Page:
Rutgers, The State University of New Jersey
Graduate School-Camden
About the University
Graduate Study at the University
Financial Aid
Student Life
Student Programs and Services
Academic Policies and Procedures
Degree Requirements
Graduate School-Camden
Actuarial and Statistical Analysis
Applied Computing
Biology 120
Biology, Computational and Integrative 121
Business and Science 137
Chemistry 160
Childhood Studies 163
Admission Requirements
Financial Aid/Assistantships
Degree Requirements
Graduate Courses
Computer Science 198
Creative Writing 200
Criminal Justice 202
English 350, 352, 354, 615, 842
Forensic Science 412
History 512
Industrial Mathematics
Liberal Studies 606
Mathematical Sciences 645
Psychology 830
Public Administration 834, 831
Public Affairs 824
Teacher Education 956
World Languages and Cultures 410
Rutgers School of Business-Camden
School of Nursing-Camden
School of Social Work: Master of Social Work (M.S.W.) Program
Divisions of the University
Camden Newark New Brunswick/Piscataway
  Camden Graduate Catalog 2021-2023 Graduate School-Camden Childhood Studies 163 Degree Requirements  

Degree Requirements

For detailed degree and program information, please consult the Handbook of Graduate Study which can be found at

Master of Arts Program

Students in the master of arts (M.A.) program complete the following program of study in approximately two years. Most classes will be offered in late afternoon and early evening.

General Overview
A student must devote a minimum of one-and-a-half years of full-time study beyond the bachelor's degree for the M.A. (30 credits). Full-time study for one semester is represented by 9 credits of coursework or research. Successful completion of the degree program requires both fulfilling the credit requirement and the submission and defense of a major paper (the latter is described below). For an overview of the general requirements, see the Degree Requirements section of this catalog.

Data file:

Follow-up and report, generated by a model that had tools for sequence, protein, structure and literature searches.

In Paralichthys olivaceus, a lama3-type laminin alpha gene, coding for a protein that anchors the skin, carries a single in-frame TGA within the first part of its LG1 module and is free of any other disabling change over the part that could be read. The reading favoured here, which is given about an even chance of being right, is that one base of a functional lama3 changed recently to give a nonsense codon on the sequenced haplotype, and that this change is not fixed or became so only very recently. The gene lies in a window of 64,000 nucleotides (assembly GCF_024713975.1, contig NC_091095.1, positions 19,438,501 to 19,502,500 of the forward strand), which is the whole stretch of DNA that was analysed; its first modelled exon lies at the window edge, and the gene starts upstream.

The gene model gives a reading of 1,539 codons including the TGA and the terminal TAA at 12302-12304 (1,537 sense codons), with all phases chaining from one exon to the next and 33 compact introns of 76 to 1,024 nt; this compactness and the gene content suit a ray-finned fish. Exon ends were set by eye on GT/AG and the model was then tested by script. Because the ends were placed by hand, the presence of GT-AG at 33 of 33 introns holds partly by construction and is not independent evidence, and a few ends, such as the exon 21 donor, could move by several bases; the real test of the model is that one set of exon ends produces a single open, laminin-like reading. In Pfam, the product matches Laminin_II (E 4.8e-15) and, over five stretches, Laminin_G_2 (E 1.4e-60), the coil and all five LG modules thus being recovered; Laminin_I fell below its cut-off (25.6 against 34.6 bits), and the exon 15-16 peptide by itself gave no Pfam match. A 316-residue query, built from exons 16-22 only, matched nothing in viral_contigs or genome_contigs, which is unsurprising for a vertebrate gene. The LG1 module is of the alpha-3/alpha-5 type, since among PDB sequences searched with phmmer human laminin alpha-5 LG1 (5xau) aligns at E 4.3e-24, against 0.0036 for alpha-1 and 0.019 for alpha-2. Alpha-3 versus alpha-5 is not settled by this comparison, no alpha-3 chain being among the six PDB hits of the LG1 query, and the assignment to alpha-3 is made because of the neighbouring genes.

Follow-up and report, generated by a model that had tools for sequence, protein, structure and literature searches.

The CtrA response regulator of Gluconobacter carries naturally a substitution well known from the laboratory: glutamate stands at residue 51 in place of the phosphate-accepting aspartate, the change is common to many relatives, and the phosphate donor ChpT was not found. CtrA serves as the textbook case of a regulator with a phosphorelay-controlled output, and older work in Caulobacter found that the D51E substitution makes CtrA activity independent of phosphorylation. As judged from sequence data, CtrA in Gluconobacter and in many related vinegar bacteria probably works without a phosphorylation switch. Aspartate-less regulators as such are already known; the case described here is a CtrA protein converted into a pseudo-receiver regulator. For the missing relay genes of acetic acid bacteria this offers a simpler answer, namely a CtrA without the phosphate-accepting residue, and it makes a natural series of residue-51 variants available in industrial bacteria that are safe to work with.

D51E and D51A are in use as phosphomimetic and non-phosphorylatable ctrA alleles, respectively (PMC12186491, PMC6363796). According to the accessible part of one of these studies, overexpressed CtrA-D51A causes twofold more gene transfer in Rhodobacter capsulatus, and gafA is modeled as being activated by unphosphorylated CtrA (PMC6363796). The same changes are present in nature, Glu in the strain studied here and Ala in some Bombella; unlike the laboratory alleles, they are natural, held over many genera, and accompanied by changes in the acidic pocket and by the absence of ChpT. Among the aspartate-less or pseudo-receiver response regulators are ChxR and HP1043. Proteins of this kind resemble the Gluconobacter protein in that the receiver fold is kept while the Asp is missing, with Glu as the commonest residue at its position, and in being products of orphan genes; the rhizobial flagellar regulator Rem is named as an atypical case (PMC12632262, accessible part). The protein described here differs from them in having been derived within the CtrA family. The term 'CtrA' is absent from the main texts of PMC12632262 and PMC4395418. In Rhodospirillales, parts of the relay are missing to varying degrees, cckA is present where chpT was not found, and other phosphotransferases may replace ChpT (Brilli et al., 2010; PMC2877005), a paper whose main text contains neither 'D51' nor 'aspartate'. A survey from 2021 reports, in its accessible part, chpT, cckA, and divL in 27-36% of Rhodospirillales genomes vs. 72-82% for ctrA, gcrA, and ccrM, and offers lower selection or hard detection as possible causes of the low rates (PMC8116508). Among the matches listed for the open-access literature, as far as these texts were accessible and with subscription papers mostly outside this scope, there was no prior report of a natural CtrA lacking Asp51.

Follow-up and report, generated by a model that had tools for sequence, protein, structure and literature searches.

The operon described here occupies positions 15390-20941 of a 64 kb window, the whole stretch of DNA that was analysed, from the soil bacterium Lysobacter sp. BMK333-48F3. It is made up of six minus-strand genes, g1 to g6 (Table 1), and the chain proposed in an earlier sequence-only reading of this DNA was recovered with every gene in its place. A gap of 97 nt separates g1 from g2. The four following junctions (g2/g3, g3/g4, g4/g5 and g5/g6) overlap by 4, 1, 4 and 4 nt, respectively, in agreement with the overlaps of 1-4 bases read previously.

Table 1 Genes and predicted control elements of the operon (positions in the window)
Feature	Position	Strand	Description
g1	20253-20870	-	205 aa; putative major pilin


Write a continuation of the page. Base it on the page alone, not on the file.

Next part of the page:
Students are expected to maintain, at minimum, a B (3.0) average throughout the program of study. In the event that a student's cumulative grade-point average falls below 3.0, a meeting with the director of graduate studies (DGS) will be arranged to discuss the reasons behind the performance and what steps, if any, need to be taken to bring the student in line with the requirement.

General Timeline for Completion for Full-Time Study
The following comes into effect immediately and retroactively applies to all currently enrolled M.A. students.  These students may undertake an M.A. project in lieu of the earlier M.A. paper.

Year 1

  • Take childhood studies courses from a variety of perspectives.
  • First semester, consult regularly with the DGS or assigned faculty adviser.
  • By end of second semester, choose an adviser who will supervise the M.A. project.

Year 2

  • Beginning of third semester, submit one-page (single-spaced) plan of study to your adviser.
  • End of third semester, all required courses should be completed.
  • Beginning of third or fourth semester (depending on when graduation is anticipated), indicate intention to submit a final M.A. project and take the oral exam.
By the second semester of their first year, students should identify a faculty member who will serve as her or his adviser and with whom he or she will consult concerning the M.A. project. 

M.A. Project and Defense
The M.A. project and its defense serve as the final requirements that must be satisfied prior to graduation. The M.A. project should be viewed as an opportunity for you to showcase the knowledge and skills learned in your childhood studies courses. The project could include, but is not limited to, the following:

  • An academic paper - The M.A. project might have its origins in a paper submitted for a graduate course in childhood studies. You may wish to revise and enlarge the paper, including conducting additional research. M.A Project papers typically range from 30 to 50 pages.